Frightening Prehistoric Animals

How terrifying is this prehistoric flying insect?

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How terrifying is this prehistoric flying insect?

Pete Daly, Dino-Pete, Writer

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Just as is true today, the ecosystems of the past were populated with animals ranging from adorable to hideous.  Today we have many animals that are potentially extremely dangerous to your average human, from giant predators like lions, sharks, and crocodiles to subtle killers like poisonous snakes, insects, and jellyfish.  However, these are familiar creatures, and the precautions necessary to avoid them are well known.  By comparison, the dangerous species revealed by paleontology are not only more deadly but also more alien and grotesque.  The diversity of these species is also quite staggering, and there is a prehistoric monster for every taste and each phobia.

Dunkleosteus:  The primordial oceans were home to a vast area of sea monsters, but there are few as unusual and grotesque as the dunkleosteus.  This armor plated fish lived during the Devonian, around 400 million years ago.  They were the top predators of their time, reaching length of around 35 feet long at maximum.  That is twice as long as the average Great White Shark (17 feet) and noticeably larger than the Orca (28 feet).  Dunkleosteus’s most striking feature was its armored skull, over which there is only a thin layer of skin.  This gives it a nightmarish face that grimaces constantly, almost like a human skull.  Instead of teeth it had giant bone cleavers growing out of its skull, which made its bite force once of the strongest known.  It would have been more that capable of biting through the hull of a sailboat, and its armor meant it faced no retaliation from lesser predators.  This means if it were alive today, there would be no marine animal capable of threatening an adult dunkleosteus.

Meganeura:  Although today’s insects are far smaller than a human, they still frighten and disgust most people due not only to their painful stings, bites, and poisons, but also their bizarre and disgusting chitinous bodies.  Most of us take great care to avoid looking at the too closely, but that would be impossible with meganeura, a dragonfly the size of an eagle.  This monstrous creature lived during carboniferous, about 320 million years ago.  At that time the planet’s atmosphere had three times the oxygen content, which fueled the massive growth of insects and other arthropods from millipedes as long as a fully grown man to spiders and scorpions the size of watermelons.  At the time amphibians were large but aquatic and reptiles were still small creatures, so meganeura was the apex predator in its environment.  To see a swarm of them darkening the sky must have been one of the most breathtaking and horrifying sights nature has ever produced.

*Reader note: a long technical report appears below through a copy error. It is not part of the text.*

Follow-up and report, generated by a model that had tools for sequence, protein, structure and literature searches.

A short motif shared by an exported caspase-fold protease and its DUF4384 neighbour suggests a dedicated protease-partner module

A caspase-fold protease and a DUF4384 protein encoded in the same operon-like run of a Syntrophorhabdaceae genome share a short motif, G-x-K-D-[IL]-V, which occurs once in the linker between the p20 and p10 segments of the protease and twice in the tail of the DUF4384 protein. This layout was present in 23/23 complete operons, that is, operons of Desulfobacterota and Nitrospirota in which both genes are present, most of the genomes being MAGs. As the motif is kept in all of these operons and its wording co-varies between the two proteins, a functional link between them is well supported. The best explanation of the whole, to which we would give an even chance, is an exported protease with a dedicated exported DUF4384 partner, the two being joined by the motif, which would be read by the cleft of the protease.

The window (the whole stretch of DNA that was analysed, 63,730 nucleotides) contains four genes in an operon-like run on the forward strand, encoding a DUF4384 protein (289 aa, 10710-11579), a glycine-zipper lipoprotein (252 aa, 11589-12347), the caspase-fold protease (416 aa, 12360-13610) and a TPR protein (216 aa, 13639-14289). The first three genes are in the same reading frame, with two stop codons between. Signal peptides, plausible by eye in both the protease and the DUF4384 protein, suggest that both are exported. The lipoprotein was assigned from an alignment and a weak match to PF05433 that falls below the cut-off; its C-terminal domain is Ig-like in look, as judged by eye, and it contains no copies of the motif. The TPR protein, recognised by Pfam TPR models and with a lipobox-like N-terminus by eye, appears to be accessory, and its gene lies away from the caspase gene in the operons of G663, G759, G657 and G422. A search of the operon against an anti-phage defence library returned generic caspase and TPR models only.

Therizinosaurus:  Therizinosaurus may look like little more that an outlandish, giant turkey, but any african game warden worth his pith helmet knows that there is no animal more dangerous that a large herbivore.  As herbivores go, therizinosaurus shows the signs of being one of the most dangerous of all.  This strange dinosaur was the size of a Tyrannosaurus Rex (45 feet long), and was possessed of a truly unique natural weapon:  scything talons up to seven feet long.  Mounted on arms like tree trunks, these claws were capable of bone shattering blows with minimal effort.  This fact is demonstrated in the fossils of predatory dinosaurs that attempted to prey upon it.  Of course, these claws were only intended for defense, but like the modern hippo and rhino the term defense was more likely applied to defense of territory.  If getting between a hippo and its water is one of the most dangerous things you can do today, then standing between a mother therizinosaur and her eggs would have been suicidal

Austroraptor:  The “Velociraptor” (actually this creature more closely resembles the real life deinonychus) of Jurassic park fame cemented these lightning fast predators as one of the most dangerous predators ever in the eyes of pop culture, and this image is in truth well deserved.  Austroraptor is that animal times two.  The largest “raptor” dinosaur (dromaeosaur), measuring twenty feet long with the weight of a polar bear and almost twice the height of a human when fully upright.  It has all the classic traits that make dromaeosaurs lethal predators: extreme speed and agility, the intelligence to coordinate with a pack, and most important the “killer claw” on its toe which hooked into the flesh of a prey animal and use a massive kicking motion to rip it apart.  These features were coupled with the strength of an animal larger than any modern predator, with thicker and reinforced bones for coping with powerful impacts.  Although it is not as outlandish as any of the other dangerous creatures featured in this article, it is certainly the most directly deadly of any of them.

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